Puppet design by David Morton, Creative Director of Dead Puppet Society and Associate Director of Storm Boy, was delightfully intricate, with each hero pelican created from over 1200 hand-drawn pieces. These beautifully detailed contraptions moved in a surprisingly organic way, but allowed for more emotion, personality, and rich relationship-building with the actors than a real or almost-real looking creature could achieve. The puppeteers gave many of these creatures wordless voices as well as physical life, which added further comedy and emotion to each scene and their interactions with the human characters.

MTC STORM BOY photo Jeff Busby_632
Conor Lowe as Storm Boy. Photographed by Jeff Busby.

“We can get adults to believe more strongly in the illusion if we don’t try to hide at all what we’re doing,” said Morton. “We try and always keep the puppets looking mechanical, with obvious mechanisms and obvious performers, then lean in to the strength of the manipulation and the story to allow it to transcend. The puppet at no point pretends to be a pelican, and so it becomes a pelican in the minds of the audience.”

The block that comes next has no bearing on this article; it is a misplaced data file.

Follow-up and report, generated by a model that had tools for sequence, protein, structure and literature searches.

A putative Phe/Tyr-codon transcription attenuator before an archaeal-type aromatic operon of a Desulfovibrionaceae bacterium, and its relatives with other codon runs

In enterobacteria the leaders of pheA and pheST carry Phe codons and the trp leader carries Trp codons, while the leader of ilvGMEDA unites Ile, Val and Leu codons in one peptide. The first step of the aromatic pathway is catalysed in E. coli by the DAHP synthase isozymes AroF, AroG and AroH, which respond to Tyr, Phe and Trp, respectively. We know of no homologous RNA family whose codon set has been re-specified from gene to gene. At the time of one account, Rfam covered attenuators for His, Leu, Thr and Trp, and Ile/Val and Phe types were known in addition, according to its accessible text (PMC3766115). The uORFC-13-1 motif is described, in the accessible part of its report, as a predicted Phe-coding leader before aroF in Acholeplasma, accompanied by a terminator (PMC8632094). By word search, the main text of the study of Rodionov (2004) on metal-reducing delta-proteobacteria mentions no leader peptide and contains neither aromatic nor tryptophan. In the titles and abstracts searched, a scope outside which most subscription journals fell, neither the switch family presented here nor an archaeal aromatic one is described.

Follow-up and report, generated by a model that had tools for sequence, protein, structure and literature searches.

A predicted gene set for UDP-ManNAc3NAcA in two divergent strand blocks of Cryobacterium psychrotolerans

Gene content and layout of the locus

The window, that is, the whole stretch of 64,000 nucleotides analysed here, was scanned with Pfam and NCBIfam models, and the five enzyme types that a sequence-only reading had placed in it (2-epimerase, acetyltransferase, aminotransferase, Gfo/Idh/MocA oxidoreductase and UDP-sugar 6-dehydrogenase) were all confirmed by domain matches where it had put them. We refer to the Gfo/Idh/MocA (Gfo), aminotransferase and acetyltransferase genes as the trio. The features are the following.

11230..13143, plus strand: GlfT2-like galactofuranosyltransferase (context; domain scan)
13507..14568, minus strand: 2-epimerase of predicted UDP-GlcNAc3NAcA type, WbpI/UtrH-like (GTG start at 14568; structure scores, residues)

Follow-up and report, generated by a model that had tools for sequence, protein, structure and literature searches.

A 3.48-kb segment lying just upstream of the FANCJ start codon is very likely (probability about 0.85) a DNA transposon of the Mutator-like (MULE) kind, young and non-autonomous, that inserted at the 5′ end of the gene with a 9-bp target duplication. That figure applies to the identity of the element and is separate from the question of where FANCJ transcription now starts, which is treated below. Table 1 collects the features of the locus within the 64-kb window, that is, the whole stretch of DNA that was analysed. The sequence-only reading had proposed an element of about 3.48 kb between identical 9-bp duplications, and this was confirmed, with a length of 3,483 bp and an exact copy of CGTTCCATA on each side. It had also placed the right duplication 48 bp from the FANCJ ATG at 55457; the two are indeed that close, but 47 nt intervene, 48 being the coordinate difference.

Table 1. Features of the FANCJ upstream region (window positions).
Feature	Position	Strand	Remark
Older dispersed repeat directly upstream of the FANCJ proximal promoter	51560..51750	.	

STORM BOY photo Jeff Busby_285.JPG
Photographed by Jeff Busby.

The puppets were expertly managed by Ellen Bailey, Emily Burton, and Drew Wilson, particularly in the way that eye line was used to direct audience attention and lend credence to the illusion, and the ways in which their movements were synchronised with the projections. In addition to the adult pelicans, the actors shared the stage with puppets of the pelican chicks, clumsy fairy penguins, mackerel, crayfish, and a tiger snake. Burton’s final interaction as Mr Percival’s puppeteer broke hearts all over the theatre, as she stroked Lowe’s hair softly in comfort and left the stage.

STORM BOY_Conor Lowe.jpg
Conor Lowe as Storm Boy. Photographed by Jeff Busby.

Storm Boy is a heart-warming, innovative, and visually stunning theatre experience that will delight and comfort – a story and script that is quintessentially Australian, but which explores the universal experiences of growing up and letting go with tenderness and beautiful rawness.


Storm Boy will play at QPAC’s Playhouse Theatre from 29 July – 17 August. For ticketing and further information, visit Queensland Theatre’s website.

  • Auslan Interpreted performance Mon 5 Aug 2019, 6.30pm
  • Audio Described performance Thu 15 Aug 2019, 7.30pm + Sat 17 Aug 2019, 2pm
  • Relaxed Performance Sat 10 Aug 2019, 2pm
Advertisements

Leave a Reply

Fill in your details below or click an icon to log in:

WordPress.com Logo

You are commenting using your WordPress.com account. Log Out /  Change )

Google photo

You are commenting using your Google account. Log Out /  Change )

Twitter picture

You are commenting using your Twitter account. Log Out /  Change )

Facebook photo

You are commenting using your Facebook account. Log Out /  Change )

Connecting to %s

Blog at WordPress.com.

Up ↑

%d bloggers like this: